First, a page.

This year’s festival theme explored wood and water as pivotal foundations for both cultural and artistic expression on the west coast. Our programming focussed on the exploration of growth and process through artistic evolution of cultural art form and sacred ceremonies and origin stories.
Marika Swan, Tla-o-qui-aht artist, presented ‘In Transformation: The Evolution of West Coast Cultural Expression,’ based on her studies with UBC’s Museum of Anthropology. The festival hosted a variety of traditional song and dance: Kwakiutl artist Kevin Cranmer and his family presented, “Origin Stories,” and Hesquiaht master carver Tim Paul presented “Thunderbird Stories.” Kwakwaka’wakw director Barb Cranmer screened her documentary, “Potlatch.”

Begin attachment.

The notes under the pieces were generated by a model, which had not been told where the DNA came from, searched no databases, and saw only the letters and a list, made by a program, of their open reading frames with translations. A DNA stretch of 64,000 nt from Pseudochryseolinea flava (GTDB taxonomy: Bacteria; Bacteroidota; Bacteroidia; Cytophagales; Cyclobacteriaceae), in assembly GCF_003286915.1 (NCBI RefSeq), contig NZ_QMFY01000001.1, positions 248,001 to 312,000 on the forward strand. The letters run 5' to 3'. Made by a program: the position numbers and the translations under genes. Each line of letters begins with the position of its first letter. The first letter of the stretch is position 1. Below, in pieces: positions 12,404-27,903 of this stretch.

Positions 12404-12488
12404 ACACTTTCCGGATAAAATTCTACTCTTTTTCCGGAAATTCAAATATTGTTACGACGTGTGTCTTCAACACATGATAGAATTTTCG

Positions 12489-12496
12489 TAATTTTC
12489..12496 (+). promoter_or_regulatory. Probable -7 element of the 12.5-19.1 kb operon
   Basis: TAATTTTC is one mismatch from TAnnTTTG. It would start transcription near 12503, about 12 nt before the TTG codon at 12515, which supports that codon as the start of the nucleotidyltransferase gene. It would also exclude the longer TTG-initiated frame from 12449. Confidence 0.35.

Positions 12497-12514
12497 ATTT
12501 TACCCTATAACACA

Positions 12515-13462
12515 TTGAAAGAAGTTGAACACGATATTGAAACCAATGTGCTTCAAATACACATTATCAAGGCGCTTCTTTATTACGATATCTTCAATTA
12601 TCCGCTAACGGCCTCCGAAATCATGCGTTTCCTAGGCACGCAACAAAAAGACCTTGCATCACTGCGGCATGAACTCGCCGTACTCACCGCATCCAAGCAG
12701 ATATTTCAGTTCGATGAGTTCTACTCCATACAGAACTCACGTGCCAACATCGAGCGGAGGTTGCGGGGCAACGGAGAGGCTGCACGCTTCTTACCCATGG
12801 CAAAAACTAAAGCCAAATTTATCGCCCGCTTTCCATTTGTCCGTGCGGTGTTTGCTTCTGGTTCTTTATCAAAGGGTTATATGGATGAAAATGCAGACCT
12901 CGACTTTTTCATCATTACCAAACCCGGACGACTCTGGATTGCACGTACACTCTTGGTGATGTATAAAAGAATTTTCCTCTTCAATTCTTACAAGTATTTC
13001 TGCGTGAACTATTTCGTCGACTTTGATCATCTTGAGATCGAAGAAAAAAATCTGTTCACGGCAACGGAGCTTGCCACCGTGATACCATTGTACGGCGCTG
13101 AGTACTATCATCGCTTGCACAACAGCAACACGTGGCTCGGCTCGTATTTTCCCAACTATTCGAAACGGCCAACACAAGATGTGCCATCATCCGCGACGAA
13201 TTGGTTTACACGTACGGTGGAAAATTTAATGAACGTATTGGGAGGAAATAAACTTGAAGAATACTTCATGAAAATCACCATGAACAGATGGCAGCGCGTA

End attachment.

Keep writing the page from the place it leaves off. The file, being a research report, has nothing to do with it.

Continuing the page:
The 6th annual Edge Art Show exhibit took place at the Shore Pier and showcased 26 emerging and master carvers from the coastal region. Artist-in-Residence Gordon Dick carved a 10′ cedar panel on site with Kelly Robinson. The piece, “Teaching Foresight,” was purposed for public art in Port Alberni.
There were a number of workshops on offer during the week. Robinson Cook hosted an “Introduction to Wood Carving with Hand Tools,” and Charlie Kestrel of Kestrel Tools taught a carving tool workshop. Marika Swan taught lino cutting for families. There were workshops for paddle making and canoe finishing taught by Carl and Joe Martin, respectively, and T’ashii Paddle School gave Traditional Canoe Culture Tours. Hjalmer Wenstob performed an interactive mask dance for the public.
The Carving on the Edge Festival sends out periodic updates on the festival and out-of-festival events. If you’d like to be kept up-to-date on the coastal carving scene, please sign-up using the form below.